Since COVID-19 started, the death has [obviously] increased, so now morgues are fully packed which is causing patients and their families to be frustrated. The sad and unfortunate truth is that patients are dying at a rapid rate. One day they are present with respiratory issues, and the next, they are being taken to the morgue. 

Apau is realistic. “Healthcare workers are scared. These nurses, doctors, and physicians don’t want to come in contact with the virus as well as become sick, but it’s our job.”

Apau thinks about his risk factors constantly. He washes obsessively, and that includes when he gets home each day.

12:00 a.m.:

Watching the minute hand on the clock move back and forth, it inches toward 12:  that’s when the medical staff can meet, talk, discuss, and get some minutes of relief.

At midnight, it’s time for Apau to attend the daily meeting. Every leader from every department comes together. In these meetings the heads of the several departments discuss problems and concerns: the lack/abundance of nurses, help needed, news, or problems throughout the hospital. 

“Here is where the staff and I will be at ease, meetings are a pause in the day. This seems to be the only time where things are hectic and I have a chance to breathe,”  said Apau. 

Materials like PPE (Personal Protection Equipment) are scarce to help patients and staff. This issue is typically discussed in meetings. The supply cannot keep up with the demand with all the resources being stretched everywhere.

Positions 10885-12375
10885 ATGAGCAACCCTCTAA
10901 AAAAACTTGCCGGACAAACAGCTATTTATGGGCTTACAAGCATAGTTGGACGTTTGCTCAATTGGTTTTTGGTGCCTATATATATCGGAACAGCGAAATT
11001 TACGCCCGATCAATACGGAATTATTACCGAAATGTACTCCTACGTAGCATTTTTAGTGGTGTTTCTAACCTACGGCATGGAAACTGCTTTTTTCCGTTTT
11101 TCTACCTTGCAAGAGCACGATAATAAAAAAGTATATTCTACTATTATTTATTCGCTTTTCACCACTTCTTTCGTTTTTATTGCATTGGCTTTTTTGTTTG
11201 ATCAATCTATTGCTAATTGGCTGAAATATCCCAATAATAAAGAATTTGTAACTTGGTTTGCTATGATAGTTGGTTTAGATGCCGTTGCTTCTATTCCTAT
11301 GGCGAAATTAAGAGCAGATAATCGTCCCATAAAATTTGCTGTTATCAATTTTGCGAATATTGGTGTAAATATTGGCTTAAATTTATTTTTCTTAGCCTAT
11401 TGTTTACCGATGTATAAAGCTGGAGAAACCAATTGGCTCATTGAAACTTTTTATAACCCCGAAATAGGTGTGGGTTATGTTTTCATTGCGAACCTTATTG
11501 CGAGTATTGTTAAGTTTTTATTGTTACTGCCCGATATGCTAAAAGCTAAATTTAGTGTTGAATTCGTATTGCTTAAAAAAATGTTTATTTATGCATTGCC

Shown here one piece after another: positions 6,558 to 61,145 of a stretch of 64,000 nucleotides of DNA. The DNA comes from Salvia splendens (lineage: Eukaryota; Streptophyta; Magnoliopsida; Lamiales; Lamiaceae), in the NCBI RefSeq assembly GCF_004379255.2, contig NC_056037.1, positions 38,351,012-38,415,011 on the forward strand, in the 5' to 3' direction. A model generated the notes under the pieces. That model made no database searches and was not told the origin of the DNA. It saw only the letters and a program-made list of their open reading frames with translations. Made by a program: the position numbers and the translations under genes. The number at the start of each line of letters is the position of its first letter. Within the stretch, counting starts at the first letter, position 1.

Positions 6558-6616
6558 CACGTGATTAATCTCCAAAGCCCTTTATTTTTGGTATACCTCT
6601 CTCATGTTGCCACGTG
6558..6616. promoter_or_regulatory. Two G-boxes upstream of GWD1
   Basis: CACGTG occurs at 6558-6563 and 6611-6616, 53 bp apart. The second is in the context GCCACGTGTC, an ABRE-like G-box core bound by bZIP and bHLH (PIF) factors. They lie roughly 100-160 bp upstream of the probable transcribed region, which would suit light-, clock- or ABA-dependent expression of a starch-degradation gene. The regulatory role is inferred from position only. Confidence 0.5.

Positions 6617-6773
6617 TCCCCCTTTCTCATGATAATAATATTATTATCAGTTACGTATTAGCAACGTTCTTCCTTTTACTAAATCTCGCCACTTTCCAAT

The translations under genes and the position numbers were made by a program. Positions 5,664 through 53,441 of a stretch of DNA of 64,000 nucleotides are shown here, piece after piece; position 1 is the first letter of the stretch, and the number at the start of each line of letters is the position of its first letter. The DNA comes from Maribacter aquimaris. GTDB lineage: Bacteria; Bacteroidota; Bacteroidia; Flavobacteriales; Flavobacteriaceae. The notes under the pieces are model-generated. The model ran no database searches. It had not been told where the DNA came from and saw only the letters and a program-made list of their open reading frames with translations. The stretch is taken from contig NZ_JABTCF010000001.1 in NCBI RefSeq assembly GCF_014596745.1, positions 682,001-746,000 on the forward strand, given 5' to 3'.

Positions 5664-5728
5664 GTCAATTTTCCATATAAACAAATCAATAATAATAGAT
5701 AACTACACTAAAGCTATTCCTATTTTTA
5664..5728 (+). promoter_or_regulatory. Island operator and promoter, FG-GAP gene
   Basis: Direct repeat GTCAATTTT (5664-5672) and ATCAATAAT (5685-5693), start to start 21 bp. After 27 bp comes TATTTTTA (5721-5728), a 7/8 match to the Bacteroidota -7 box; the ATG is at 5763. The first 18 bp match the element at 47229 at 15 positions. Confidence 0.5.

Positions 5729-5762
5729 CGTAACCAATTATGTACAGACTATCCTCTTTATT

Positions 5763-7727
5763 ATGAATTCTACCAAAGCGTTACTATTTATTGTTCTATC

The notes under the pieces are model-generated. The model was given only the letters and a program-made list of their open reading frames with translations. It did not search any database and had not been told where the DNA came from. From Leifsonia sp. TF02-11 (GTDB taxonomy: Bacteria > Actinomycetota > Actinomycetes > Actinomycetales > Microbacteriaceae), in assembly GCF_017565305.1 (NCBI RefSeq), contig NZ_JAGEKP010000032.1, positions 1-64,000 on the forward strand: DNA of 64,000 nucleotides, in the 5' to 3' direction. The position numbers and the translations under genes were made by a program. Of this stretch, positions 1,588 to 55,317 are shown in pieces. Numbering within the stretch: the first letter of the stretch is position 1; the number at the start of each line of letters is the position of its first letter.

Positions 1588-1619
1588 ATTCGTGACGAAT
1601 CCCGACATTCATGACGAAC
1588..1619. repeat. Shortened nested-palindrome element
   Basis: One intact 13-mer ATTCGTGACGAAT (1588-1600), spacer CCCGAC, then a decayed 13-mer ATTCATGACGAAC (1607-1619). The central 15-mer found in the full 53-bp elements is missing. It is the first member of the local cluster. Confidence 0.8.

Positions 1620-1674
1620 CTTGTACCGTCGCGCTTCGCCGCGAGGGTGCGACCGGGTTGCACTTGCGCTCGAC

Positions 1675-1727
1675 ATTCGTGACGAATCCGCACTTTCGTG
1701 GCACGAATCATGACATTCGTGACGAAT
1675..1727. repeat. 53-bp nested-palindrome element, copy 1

3:00 a.m.: 

Just three more hours before Apau’s daily reunion with his family: Shuffle, shuffle, swish, swish, signing and typing away to prepare for the day shift.

Unlike Apau and his family, patients’ families aren’t allowed to have that daily reunion, as loved ones are stuck in hospitals, fighting for their lives. They communicate, when possible, by phone or through the nurse.

Apau counts on the moment he is able to leave the hospital and step in the door of his home, see his wife and kids, take a warm shower, and finally sleep for six hours before he returns back to the hospital and risky COIVD-19 environment. 

He begins to plan for the morning shift. Tests and surgeries are scheduled, and lab work is run.

5:00 a.m.: 

Finally, the 12-hour shift is done.  Apau finishes his closing remarks for the morning staff and patients. The latest time a nurse in the morning shift can call in sick is 5:00 a.m.

“Nursing has become a two-part job. Not only are nurses taking care of patients, they are now at high risk to contract the coronavirus. This means they may have to cancel due to care for themselves. There will always be an abundance of coworkers ready to take your spot and help,” said Apau.  

“It’s very disheartening to live with a COVID-19 where he moves up and down seeing lives being lost, yet still comes home and takes care of his family,” said wife, Margaret Apau.

Apau is frustrated with the attitude of those who don’t understand the ongoing danger of this disease.  The arrival of summer is not a cure.  He said,The coronavirus is real. Follow the guidelines that the officials and CDC are giving.  Following the rules is the best way to protect not only yourself but your neighbor. The pandemic is not just about keeping yourself safe but everyone around you. Nobody is safe until all of us are safe.”